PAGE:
Paid and Sick Leave
Arizonans may not be able to go into work if they have been recommended by their health care provider to quarantine at home or in a hospital, need to care for someone who is quarantining, or need to care for their child whose school or daycare is closed. Employees who meet these criteria and whose employer qualifies may be able to receive up to two weeks of paid sick leave.
- Arizonans who cannot go to work because their child’s school or daycare is closed may also qualify for paid family leave. Employees who meet this criteria and whose employer qualifies may be able to receive up to twelve weeks of paid family leave.
- Employers may also be eligible to receive tax credits to offset paid sick and family leave provided to employees. Please note that qualifying employers who must provide these new leave options outlined above are typically businesses between 50 and 500 employees. Health care providers and first responders may not be able to take certain kinds of leave due to the critical nature of their jobs in caring for our communities. For more information on the Employee Retention Tax Credit, visit my Taxes page, HERE.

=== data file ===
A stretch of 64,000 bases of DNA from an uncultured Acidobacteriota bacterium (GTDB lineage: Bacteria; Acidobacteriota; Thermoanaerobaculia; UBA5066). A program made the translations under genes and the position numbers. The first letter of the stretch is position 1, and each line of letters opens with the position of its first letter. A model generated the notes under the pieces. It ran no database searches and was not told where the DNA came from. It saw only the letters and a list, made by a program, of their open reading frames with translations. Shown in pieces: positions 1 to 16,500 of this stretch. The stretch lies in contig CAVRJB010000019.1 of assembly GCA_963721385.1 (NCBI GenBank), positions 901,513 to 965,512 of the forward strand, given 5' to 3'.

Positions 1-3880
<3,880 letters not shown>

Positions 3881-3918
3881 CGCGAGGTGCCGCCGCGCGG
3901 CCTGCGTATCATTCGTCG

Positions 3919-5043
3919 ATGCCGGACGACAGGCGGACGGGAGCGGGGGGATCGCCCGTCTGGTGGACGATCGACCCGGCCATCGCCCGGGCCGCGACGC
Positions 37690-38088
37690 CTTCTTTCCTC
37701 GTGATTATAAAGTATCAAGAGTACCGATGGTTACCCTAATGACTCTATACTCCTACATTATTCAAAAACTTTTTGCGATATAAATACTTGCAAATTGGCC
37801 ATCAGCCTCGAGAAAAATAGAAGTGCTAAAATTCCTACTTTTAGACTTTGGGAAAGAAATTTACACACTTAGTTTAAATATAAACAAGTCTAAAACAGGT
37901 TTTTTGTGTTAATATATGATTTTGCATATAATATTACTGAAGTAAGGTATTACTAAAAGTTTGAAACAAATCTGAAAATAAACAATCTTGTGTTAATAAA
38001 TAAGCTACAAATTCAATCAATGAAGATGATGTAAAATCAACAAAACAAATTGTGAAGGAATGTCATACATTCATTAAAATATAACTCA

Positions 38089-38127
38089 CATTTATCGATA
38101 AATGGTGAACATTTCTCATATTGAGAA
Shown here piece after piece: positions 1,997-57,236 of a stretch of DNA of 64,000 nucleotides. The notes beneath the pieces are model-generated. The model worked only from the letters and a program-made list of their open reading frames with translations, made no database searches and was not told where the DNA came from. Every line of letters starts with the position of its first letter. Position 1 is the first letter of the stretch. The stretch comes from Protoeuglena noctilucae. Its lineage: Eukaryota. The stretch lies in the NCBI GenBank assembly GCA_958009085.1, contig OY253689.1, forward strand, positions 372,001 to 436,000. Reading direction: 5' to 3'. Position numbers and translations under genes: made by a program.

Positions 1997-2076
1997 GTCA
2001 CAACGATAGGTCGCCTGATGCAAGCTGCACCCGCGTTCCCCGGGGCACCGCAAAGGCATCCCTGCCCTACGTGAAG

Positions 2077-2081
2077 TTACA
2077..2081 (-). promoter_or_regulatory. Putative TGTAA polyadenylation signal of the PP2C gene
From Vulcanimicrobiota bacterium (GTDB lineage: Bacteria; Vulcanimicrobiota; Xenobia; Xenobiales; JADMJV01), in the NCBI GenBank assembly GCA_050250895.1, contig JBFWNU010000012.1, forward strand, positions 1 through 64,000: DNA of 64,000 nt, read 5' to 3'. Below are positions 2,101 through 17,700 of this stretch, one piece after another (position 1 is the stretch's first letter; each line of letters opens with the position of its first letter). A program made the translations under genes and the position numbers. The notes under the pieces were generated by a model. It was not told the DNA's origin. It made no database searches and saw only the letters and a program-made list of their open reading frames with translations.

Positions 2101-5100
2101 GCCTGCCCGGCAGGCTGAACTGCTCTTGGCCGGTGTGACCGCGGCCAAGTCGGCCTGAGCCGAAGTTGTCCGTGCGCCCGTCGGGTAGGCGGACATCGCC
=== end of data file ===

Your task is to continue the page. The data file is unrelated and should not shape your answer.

FAQ for Emergency Paid Sick Leave under the Families First Coronavirus Response Act and the CARES Act, HERE.
The majority of new guidleines pertaining to paid and sick leave were passed under the Families First Coronavirus Response Act (FFCRA). The U.S. Department of Labor’s Wage and Hour Division (WHD) published its first round of implementation guidance pursuant to the Families First Coronavirus Response Act (FFCRA) on March 24, 2020.
The initial WHD guidance is available in three-parts:
The guidance addresses critical questions such as:
- How does an employer count its number of employees to determine coverage?
- How can small businesses obtain an exemption?
- How does an employer count hours for part-time employees?
- How does an employer calculate wages employees are entitled to under the FFCRA?